>gi|6320560|ref|NP_010640.1| Trr1 [Saccharomyces cerevisiae]
MVHNKVTIIGSGPAAHTAAIYLARAEIKPILYEGMMANGIAAGGQLTTTTEIENFPGFPDGLTGSELMDRMREQSTKFGTEIITETVSKVDLSSKPFKLWTEFNEDAE
PVTTDAIILATGASAKRMHLPGEETYWQKGISACAVCDGAVPIFRNKPLAVIGGGDSACEEAQFLTKYGSKVFMLVRKDHLRASTIMQKRAEKNEKIEILYNTVALEA
KGDGKLLNALRIKNTKKNEETDLPVSGLFYAIGHTPATKIVAGQVDTDEAGYIKTVPGSSLTSVPGFFAAGDVQDSKYRQAITSAGSGCMAALDAEKYLTSLE

>gi|6321898|ref|NP_011974.1| Trr2 [Saccharomyces cerevisiae]
MIKHIVSPFRTNFVGISKSVLSRMIHHKVTIIGSGPAAHTAAIYLARAEMKPTLYEGMMANGIAAGGQLTTTTDIENFPGFPESLSGSELMERMRKQSAKFGTNIITE
TVSKVDLSSKPFRLWTEFNEDAEPVTTDAIILATGASAKRMHLPGEETYWQQGISACAVCDGAVPIFRNKPLAVIGGGDSACEEAEFLTKYASKVYILVRKDHFRASV
IMQRRIEKNPNIIVLFNTVALEAKGDGKLLNMLRIKNTKSNVENDLEVNGLFYAIGHSPATDIVKGQVDEEETGYIKTVPGSSLTSVPGFFAAGDVQDSRYRQAVTSA
GSGCIAALDAERYLSAQE


Human Thioredoxin Reductases (large or "animal" type of TRs):

>gi|148277071|ref|NP_001087240.1| thioredoxin reductase 1 (TR1), cytoplasmic isoform 3 [Homo sapiens]
MGCAEGKAVAAAAPTELQTKGKNGDGRRRSAKDHHPGKTLPENPAGFTSTATADSRALLQAYIDGHSVVIFSRSTCTRCTEVKKLFKSLCVPYFVLELDQTEDGRALE
GTLSELAAETDLPVVFVKQRKIGGHGPTLKAYQEGRLQKLLKMNGPEDLPKSYDYDLIIIGGGSGGLAAAKEAAQYGKKVMVLDFVTPTPLGTRWGLGGTCVNVGCIP
KKLMHQAALLGQALQDSRNYGWKVEETVKHDWDRMIEAVQNHIGSLNWGYRVALREKKVVYENAYGQFIGPHRIKATNNKGKEKIYSAERFLIATGERPRYLGIPGDK
EYCISSDDLFSLPYCPGKTLVVGASYVALECAGFLAGIGLDVTVMVRSILLRGFDQDMANKIGEHMEEHGIKFIRQFVPIKVEQIEAGTPGRLRVVAQSTNSEEIIEG
EYNTVMLAIGRDACTRKIGLETVGVKINEKTGKIPVTDEEQTNVPYIYAIGDILEDKVELTPVAIQAGRLLAQRLYAGSTVKCDYENVPTTVFTPLEYGACGLSEEKA
VEKFGEENIEVYHSYFWPLEWTIPSRDNNKCYAKIICNTKDNERVVGFHVLGPNAGEVTQGFAAALKCGLTKKQLDSTIGIHPVCAEVFTTLSVTKRSGASILQAGCU
G

>gi|291045266|ref|NP_443115.1| thioredoxin reductase 2 (TGR or TR2) isoform 1 [Homo sapiens]
MERSPPQSPGPGKAGDAPNRRSGHVRGARVLSPPGRRARLSSPGPSRSSEAREELRRHLVGLIERSRVVIFSKSYCPHSTRVKELFSSLGVECNVLELDQVDDGARVQ
EVLSEITNQKTVPNIFVNKVHVGGCDQTFQAYQSGLLQKLLQEDLAYDYDLIIIGGGSGGLSCAKEAAILGKKVMVLDFVVPSPQGTSWGLGGTCVNVGCIPKKLMHQ
AALLGQALCDSRKFGWEYNQQVRHNWETMTKAIQNHISSLNWGYRLSLREKAVAYVNSYGEFVEHHKIKATNKKGQETYYTAAQFVIATGERPRYLGIQGDKEYCITS
DDLFSLPYCPGKTLVVGASYVALECAGFLAGFGLDVTVMVRSILLRGFDQEMAEKVGSYMEQHGVKFLRKFIPVMVQQLEKGSPGKLKVLAKSTEGTETIEGVYNTVL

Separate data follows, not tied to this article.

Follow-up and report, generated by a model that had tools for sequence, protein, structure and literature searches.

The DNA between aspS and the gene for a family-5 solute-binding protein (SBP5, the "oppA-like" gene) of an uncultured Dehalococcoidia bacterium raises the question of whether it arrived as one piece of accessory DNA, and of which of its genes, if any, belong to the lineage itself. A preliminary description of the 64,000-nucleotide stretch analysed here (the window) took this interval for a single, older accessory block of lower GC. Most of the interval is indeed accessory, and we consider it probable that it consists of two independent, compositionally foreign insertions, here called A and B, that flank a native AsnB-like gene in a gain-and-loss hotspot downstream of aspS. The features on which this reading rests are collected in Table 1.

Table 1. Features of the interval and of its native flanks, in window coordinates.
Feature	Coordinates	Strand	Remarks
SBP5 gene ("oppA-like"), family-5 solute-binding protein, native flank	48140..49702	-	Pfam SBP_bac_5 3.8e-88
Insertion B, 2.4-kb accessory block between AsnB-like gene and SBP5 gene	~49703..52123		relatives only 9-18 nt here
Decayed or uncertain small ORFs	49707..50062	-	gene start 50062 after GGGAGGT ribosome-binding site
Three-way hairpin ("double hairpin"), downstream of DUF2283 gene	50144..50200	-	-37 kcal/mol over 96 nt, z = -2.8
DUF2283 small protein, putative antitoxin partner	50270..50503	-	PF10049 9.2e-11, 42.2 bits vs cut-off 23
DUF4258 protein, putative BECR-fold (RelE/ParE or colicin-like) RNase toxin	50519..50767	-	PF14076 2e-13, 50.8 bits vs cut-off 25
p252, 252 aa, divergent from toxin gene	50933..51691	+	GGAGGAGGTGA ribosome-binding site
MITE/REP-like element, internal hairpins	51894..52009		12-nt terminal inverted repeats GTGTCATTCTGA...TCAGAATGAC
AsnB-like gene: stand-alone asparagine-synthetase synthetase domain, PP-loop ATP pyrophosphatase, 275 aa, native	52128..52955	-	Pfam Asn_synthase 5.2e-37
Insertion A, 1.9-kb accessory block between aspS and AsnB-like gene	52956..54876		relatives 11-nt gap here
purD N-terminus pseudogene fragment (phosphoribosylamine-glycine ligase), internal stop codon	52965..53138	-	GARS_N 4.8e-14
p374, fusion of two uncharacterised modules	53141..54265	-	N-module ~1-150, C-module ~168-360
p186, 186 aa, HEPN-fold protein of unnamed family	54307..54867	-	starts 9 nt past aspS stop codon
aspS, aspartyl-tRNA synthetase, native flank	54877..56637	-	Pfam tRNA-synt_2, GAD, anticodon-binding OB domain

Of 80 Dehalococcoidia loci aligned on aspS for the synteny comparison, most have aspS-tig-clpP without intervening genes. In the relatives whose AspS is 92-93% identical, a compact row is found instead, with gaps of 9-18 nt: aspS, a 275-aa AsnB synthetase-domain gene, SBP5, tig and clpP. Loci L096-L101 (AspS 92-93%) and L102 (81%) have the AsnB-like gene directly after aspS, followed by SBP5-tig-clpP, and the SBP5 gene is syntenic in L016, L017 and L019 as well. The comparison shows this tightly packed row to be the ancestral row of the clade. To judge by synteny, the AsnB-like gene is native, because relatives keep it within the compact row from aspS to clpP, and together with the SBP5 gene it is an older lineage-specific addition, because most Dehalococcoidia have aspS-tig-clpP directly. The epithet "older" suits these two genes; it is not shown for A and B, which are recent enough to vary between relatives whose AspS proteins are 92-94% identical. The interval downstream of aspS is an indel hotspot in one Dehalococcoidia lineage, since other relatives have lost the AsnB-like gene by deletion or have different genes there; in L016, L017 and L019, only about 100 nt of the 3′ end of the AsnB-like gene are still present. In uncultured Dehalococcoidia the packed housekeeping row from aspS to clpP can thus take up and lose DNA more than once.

LAIGRDSCTRKIGLEKIGVKINEKSGKIPVNDVEQTNVPYVYAVGDILEDKPELTPVAIQSGKLLAQRLFGASLEKCDYINVPTTVFTPLEYGCCGLSEEKAIEVYKK
ENLEIYHTLFWPLEWTVAGRENNTCYAKIICNKFDHDRVIGFHILGPNAGEVTQGFAAAMKCGLTKQLLDDTIGIHPTCGEVFTTLEITKSSGLDITQKGCUG

>gi|22035672|ref|NP_006431.2| thioredoxin reductase 3 (TR3), mitochondrial isoform 1 [Homo sapiens]
MAAMAVALRGLGGRFRWRTQAVAGGVRGAARGAAAGQRDYDLLVVGGGSGGLACAKEAAQLGRKVAVVDYVEPSPQGTRWGLGGTCVNVGCIPKKLMHQAALLGGLIQ
DAPNYGWEVAQPVPHDWRKMAEAVQNHVKSLNWGHRVQLQDRKVKYFNIKASFVDEHTVCGVAKGGKEILLSADHIIIATGGRPRYPTHIEGALEYGITSDDIFWLKE
SPGKTLVVGASYVALECAGFLTGIGLDTTIMMRSIPLRGFDQQMSSMVIEHMASHGTRFLRGCAPSRVRRLPDGQLQVTWEDSTTGKEDTGTFDTVLWAIGRVPDTRS
LNLEKAGVDTSPDTQKILVDSREATSVPHIYAIGDVVEGRPELTPIAIMAGRLLVQRLFGGSSDLMDYDNVPTTVFTPLEYGCVGLSEEEAVARHGQEHVEVYHAHYK
PLEFTVAGRDASQCYVKMVCLREPPQLVLGLHFLGPNAGEVTQGFALGIKCGASYAQVMRTVGIHPTCSEEVVKLRISKRSGLDPTVTGCUG


The major assays for thioredoxin reductase activity measurement [ 19 ].


A) Spectrophotometric assay of insulin reduction: Final oxidation of NADPH is followed as the decrease of absorbance at 340 nm [ 19 ].

1) Trx-S2 + TRred → Trx-(SH)2 + TRox ;

2) Trx-(SH)2 + Insulin-S2 → Trx-S2 + Insulin-(SH)2 ;

3) TRox + NADPH → TRred + NADP+ ;

B) Spectrophotometric assay using 5,5'-dithiobis(2-nitrobenzoic) acid (DTNB) as substrate: TR uses NADPH to reduce DTNB to 5-thio-2-nitrobenzoic acid (TNB). TR activity is determined by the increase of absorbance at 412 nm. Using of TR inhibitors allows correction of non-thioredoxin reductase-independent DTNB reduction [ 19, 20, 21 ].

DTNB + NADPH + TR + H+ NADPH ⇄ 2TNB + NADP+ ;


There are lot of commertially avaliable thioredoxin reductase assay kits. Most of them are based on DTNB reduction. Fluorescently labeled substrate, such as di-eosin-glutathione disulfide (Di-E-GSSG) and fluorescein isothiocyanate-labeled insulin (FiTC-insulin), can be used for detection [ 19 ].